Ice and Heat for Headache

Beautiful woman with a painful pounding headache

Overview

Hot and cold packs are widely used, very inexpensive, have some evidence of effectiveness and are generally very safe. They are worth a try. Which to use when? There are no hard and fast rules. Migraine suffers appear to prefer cold, while tension headaches seem to respond better to heat. Hot and cold packs are used the world over for headaches and are the number one self-treatment for migraine.

RESCU Treatment Ratings

R = Risk      E = Effectiveness      S = Self-Care

C = Cost     U = Usefulness (overall rating)

1 = Least Favorable     5 = Most Favorable

R

RISK: 5/5

Injuries can occur from burns if heat, such as through hot packs, is too hot or left on for too long. Patients with reduced sensation, such as numbness or diabetic neuropathy, should use heat and cold with care. Ice burns can also occur if the skin is cooled too much. Some conditions can be worsened with heat or cold, however generally, and especially in comparison with other treatments for pain, hot and cold packs are pretty safe.

E
S
C
U

Ice and Cold Packs for Headache Summary

There is actually little research on the effectiveness of ice or heat for headaches, though they seem to used the world over for headaches and are the number one self-treatment for migraine. For ice packs, you can use frozen corn or peas, commercial cold packs, or a small resealable bag, such as a ZiplockÒ, filled with crushed ice. Apply ice for 10-20 minutes (not longer) once an hour while you are up. Don’t fall asleep with an ice pack, and always use a thin towel between the ice pack and your skin to avoid an ice burn.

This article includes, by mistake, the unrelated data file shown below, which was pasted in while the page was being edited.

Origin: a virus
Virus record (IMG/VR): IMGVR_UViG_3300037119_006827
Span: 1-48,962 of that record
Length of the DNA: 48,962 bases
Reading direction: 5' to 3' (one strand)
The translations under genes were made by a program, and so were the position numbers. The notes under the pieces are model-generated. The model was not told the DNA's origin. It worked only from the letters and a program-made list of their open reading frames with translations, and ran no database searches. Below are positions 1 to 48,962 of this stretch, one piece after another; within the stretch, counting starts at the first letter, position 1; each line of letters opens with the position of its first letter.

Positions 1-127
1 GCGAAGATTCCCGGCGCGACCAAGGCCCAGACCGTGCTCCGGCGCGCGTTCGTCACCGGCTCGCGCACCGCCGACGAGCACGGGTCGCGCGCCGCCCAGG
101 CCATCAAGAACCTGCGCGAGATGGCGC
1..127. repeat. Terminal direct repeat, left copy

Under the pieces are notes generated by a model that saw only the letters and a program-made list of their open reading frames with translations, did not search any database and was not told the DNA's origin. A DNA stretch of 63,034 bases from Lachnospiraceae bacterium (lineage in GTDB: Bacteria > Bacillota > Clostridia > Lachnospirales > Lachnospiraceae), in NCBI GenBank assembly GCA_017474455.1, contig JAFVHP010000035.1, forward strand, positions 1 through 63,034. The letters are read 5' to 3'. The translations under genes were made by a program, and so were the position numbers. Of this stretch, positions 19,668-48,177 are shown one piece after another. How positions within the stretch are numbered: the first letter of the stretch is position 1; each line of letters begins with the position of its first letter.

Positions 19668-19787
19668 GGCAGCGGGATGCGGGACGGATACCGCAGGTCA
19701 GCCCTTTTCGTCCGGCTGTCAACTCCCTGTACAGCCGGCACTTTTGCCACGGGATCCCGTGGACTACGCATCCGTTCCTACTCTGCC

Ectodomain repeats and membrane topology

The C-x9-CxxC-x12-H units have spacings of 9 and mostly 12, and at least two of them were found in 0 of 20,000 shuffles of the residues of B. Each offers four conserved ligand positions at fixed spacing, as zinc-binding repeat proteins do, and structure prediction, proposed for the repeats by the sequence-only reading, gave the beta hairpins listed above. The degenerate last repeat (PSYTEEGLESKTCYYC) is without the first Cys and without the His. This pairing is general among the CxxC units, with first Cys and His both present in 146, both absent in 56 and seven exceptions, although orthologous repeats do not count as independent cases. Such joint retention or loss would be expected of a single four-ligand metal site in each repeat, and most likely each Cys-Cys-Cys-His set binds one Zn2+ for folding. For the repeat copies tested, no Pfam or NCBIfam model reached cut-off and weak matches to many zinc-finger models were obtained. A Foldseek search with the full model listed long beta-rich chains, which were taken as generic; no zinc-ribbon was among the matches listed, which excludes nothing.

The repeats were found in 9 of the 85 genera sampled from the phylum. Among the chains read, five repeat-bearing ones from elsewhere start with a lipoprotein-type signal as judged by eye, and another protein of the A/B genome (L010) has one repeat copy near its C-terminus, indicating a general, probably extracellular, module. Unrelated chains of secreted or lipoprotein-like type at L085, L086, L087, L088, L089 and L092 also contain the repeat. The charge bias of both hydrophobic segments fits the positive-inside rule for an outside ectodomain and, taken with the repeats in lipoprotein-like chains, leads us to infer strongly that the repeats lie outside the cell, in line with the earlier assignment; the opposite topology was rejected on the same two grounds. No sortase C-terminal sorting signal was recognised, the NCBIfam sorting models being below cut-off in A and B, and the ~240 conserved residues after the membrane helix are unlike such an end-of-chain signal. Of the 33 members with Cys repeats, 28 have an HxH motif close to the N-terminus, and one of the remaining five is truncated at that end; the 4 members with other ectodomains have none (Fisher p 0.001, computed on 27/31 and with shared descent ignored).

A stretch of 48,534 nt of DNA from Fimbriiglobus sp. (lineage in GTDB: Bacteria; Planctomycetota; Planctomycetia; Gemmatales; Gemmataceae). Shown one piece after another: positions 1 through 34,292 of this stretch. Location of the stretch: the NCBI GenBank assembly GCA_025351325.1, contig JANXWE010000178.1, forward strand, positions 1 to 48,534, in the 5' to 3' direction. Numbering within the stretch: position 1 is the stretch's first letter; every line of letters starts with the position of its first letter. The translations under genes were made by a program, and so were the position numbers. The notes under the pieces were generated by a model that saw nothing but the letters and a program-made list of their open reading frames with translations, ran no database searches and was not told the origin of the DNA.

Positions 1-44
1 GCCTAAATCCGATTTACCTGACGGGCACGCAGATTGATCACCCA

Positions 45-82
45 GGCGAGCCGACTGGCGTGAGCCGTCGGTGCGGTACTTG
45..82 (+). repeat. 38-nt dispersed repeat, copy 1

Similarly, heat packs are widely available. You can also wet a small towel, such as a dishtowel and microwave it for 20-45 seconds. Be careful not to burn yourself. Moist heat is thought to penetrate more deeply, but any source of heat, such as an electric heating pad may help. Heat should generally not be used for more than 15 to 20 minutes per hour since the tissue needs time to return to a normal temperature periodically or it can become damaged.

Sources:

Nadler SF, Steiner DJ, Erasala GN, Hengehold DA, Hinkle RT, Beth Goodale M, Abeln SB, Weingand KW, Continuous low-level heat wrap therapy provides more efficacy than Ibuprofen and acetaminophen for acute low back pain, Spine 2002 May 15;27(10):1012-7

Sprouse-Blum AS, Gabriel AK, Brown JP, Yee MH. Randomized Controlled Trial: Targeted Neck Cooling in the Treatment of the Migraine Patient. Hawai’i Journal of Medicine & Public Health. 2013;72(7):23

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